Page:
Budding Beyond Member Benefit

Apr 3, 2017 | Features, Mutual and Membership Benefit, Philanthropy Journal

The Minnesota Horticultural Society has made a clear goal of balancing the member benefits while also moving beyond into assisting their community. Because like plants, nonprofit organizations need the right support to take root and grow.


By Jack Ahern

Growing season in Minnesota can go by in the blink of an eye, so gardeners in USDA Zones 3 and 4 must be armed with the best knowledge they have available to them. That is where the Minnesota State Horticultural Society (MSHS) comes in, as the resource for northern gardeners to have successful growing seasons each year. MSHS serves their members through educational programming, Northern Gardener magazine and other member benefits, but their work goes beyond just their member perks. In recent years, the organization has grown their efforts to give back and provide services to their local communities through charity programming.

Started in 1866, the Minnesota State Horticultural Society existed as an association of fruit growers looking to find the best practices in their cold climate. Now over 150 years later, MSHS operates for amateur and experienced gardeners alike with support and interest from professional and commercial groups. The organization’s membership is open to anyone with an interest in things that grow. Membership includes six issues of Northern Gardener, discounts at local and regional nurseries and garden centers, complimentary tickets to garden shows and more. Nevertheless, perhaps the best benefit of membership is the camaraderie of fellow gardeners.

Brenda Harvieux, Editorial and Marketing Coordinator for MSHS, says that the “northern gardeners” are unique, above all else they are “very pleasant and happy people.” The type of person drawn to MSHS is perhaps what allows them to do more than your typical member benefit organization. In addition the daily work of the organization, MSHS and its members believe in finding a balance through programs that allow them to be charitable to their larger community. They seek to give back through community programming, such as the Minnesota Green and Garden-in-a-Box programs.

Minnesota Green, which has been in operation for nearly 30 years, is one of the organization’s methods of promoting community greening and strengthening relationships by connecting plants and people. This program includes a plant donation network for public spaces, as well as networking opportunities and resources. This year alone, MSHS anticipates that the Minnesota Green program will benefit 80 different community gardens, encouraging neighborhoods to become greener, to grow their own food and to plant more pollinator and native Minnesota plants.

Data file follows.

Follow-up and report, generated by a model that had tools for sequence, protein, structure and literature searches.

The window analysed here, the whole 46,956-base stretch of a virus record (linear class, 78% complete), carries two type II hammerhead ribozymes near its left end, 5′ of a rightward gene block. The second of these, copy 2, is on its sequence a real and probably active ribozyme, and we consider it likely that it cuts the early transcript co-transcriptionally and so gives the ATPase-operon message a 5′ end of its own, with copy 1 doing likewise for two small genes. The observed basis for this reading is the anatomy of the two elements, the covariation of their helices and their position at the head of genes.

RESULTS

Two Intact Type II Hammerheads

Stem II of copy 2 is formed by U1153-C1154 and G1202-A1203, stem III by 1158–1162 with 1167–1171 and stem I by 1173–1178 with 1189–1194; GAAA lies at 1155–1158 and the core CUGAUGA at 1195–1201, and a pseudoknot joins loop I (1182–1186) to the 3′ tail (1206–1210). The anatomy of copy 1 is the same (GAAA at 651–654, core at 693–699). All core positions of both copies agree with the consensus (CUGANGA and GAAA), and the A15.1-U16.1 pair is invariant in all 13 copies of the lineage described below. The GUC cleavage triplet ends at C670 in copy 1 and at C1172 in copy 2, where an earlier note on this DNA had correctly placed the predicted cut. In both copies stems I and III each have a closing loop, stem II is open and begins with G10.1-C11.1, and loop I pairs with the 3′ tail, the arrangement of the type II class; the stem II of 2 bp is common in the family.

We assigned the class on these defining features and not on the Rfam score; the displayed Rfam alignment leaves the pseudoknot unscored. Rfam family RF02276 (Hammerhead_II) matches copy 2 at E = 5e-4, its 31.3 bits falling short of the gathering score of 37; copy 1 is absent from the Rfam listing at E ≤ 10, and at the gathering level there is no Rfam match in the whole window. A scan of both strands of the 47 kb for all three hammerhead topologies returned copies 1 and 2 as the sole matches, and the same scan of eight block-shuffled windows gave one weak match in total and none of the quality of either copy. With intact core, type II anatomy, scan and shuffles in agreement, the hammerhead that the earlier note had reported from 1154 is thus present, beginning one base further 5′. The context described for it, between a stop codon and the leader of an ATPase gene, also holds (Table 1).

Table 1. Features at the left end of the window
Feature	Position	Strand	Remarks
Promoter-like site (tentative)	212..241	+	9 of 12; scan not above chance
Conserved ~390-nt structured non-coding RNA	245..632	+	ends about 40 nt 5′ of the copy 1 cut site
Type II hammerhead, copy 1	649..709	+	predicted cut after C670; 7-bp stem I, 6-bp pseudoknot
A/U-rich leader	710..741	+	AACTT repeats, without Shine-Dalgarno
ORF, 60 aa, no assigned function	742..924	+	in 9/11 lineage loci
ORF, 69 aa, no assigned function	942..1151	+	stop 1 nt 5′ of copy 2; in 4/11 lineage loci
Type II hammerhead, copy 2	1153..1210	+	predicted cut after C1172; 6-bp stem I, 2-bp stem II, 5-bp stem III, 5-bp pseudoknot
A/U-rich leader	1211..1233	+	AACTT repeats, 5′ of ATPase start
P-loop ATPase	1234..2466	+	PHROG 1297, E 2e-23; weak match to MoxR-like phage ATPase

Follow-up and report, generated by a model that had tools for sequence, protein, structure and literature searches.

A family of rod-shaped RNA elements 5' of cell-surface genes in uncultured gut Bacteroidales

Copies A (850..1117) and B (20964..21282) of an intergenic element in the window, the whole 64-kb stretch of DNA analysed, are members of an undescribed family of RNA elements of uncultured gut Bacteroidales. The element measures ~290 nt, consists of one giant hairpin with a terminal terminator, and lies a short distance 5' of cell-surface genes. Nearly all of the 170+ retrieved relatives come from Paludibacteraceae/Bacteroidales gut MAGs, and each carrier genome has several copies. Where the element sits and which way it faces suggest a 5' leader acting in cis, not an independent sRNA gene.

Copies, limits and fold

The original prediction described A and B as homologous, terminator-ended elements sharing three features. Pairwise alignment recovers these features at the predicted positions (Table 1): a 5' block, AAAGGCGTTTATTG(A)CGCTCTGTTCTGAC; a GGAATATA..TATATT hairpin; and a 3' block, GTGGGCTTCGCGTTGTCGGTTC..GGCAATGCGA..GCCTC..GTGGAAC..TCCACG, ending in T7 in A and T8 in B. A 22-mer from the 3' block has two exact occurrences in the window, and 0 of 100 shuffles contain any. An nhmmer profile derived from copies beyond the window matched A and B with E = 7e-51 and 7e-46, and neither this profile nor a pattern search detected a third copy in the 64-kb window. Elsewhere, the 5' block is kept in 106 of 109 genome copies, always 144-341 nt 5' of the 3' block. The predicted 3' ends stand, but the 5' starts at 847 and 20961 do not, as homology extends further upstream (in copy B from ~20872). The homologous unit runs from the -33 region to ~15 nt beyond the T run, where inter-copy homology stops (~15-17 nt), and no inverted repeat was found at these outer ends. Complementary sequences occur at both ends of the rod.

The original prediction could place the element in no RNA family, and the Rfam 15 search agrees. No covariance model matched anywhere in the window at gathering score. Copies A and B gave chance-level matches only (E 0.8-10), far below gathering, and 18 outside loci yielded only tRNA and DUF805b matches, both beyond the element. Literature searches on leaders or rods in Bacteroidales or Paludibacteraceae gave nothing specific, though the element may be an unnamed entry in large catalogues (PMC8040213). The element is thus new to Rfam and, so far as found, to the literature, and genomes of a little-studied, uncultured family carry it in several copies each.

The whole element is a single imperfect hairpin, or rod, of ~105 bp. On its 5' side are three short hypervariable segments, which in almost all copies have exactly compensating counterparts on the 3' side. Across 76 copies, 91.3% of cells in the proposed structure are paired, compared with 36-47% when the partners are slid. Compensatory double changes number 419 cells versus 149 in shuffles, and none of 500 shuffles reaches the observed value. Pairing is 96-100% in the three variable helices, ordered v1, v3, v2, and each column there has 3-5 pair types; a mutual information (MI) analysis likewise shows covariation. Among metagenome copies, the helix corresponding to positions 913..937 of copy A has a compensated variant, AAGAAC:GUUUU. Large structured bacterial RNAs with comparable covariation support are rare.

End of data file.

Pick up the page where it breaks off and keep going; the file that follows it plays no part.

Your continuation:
Garden-in-a-Box, another charitable program put on by MSHS, encourages young growers to develop a green thumb while helping their families and communities. The program provides free garden kits for growing vegetables, including a raised bed container, soil, fertilizer, plants, seeds and access to educational support on gardening and cooking. Harvieux explains, “Garden-in-a-Box is an opportunity to teach kids where their food comes from and to bring healthy eating habits into their homes.” The program has also created an increased appreciation for vegetables among the younger crowds; picky eaters are more willing to try vegetables when they grow them themselves!

Funding for these programs comes from a variety of sources other than the typical dues of membership organizations; the programs are funded through grants and donations from members, local communities, garden clubs, plant and horticultural societies and local businesses. Harvieux also acknowledges that membership fees can only do so much, making up about half of the organization’s budget. As the organization continues to expand its programming and community needs evolve, it will keep finding and leveraging other revenue sources to increase its impact.

Harvieux admits that there is some confusion with the Minnesota State Horticultural Society’s name, as it suggests that MSHS is a state funded and operated entity. This does not stop their efforts to evolve with the need to gain a new and younger audience. As their existing membership base grows older, MSHS continues to find new ways to engage younger gardeners. Charity programs serve as a way to engage new people in community involvement through gardening. The organization also puts on webinars so gardeners can find reputable answers to Minnesota specific gardening questions instead of just “googling it.” In this way, younger members of the organization become more actively involved with MSHS.

MSHS has a goal to balance selling memberships while assisting their community, which is a direct result of their engaged membership base, as Harrvieux says, “we could not do our work without our members and volunteers.” The organization does all it can to recognize those volunteers to make them feel that they are part of the MSHS family. Because, like plants, nonprofit organizations need the right support to take root and grow.

Brenda Harvieux has been a regular staff member at the Minnesota State Horticultural Society for ten years, she currently serves as the Editorial and Marketing Coordinator. She writes, aids in copy editing and designs ads for MSHS’ publication, Northern Gardener magazine; leads marketing efforts; and uses her graphic design skills to promote the organization. She graduated from the University of Minnesota – Twin Cities with a double major in English and Studies in Cinema and Media Culture.

Jack Ahern is a Masters of Public Administration student focusing on nonprofit management at NC State University.

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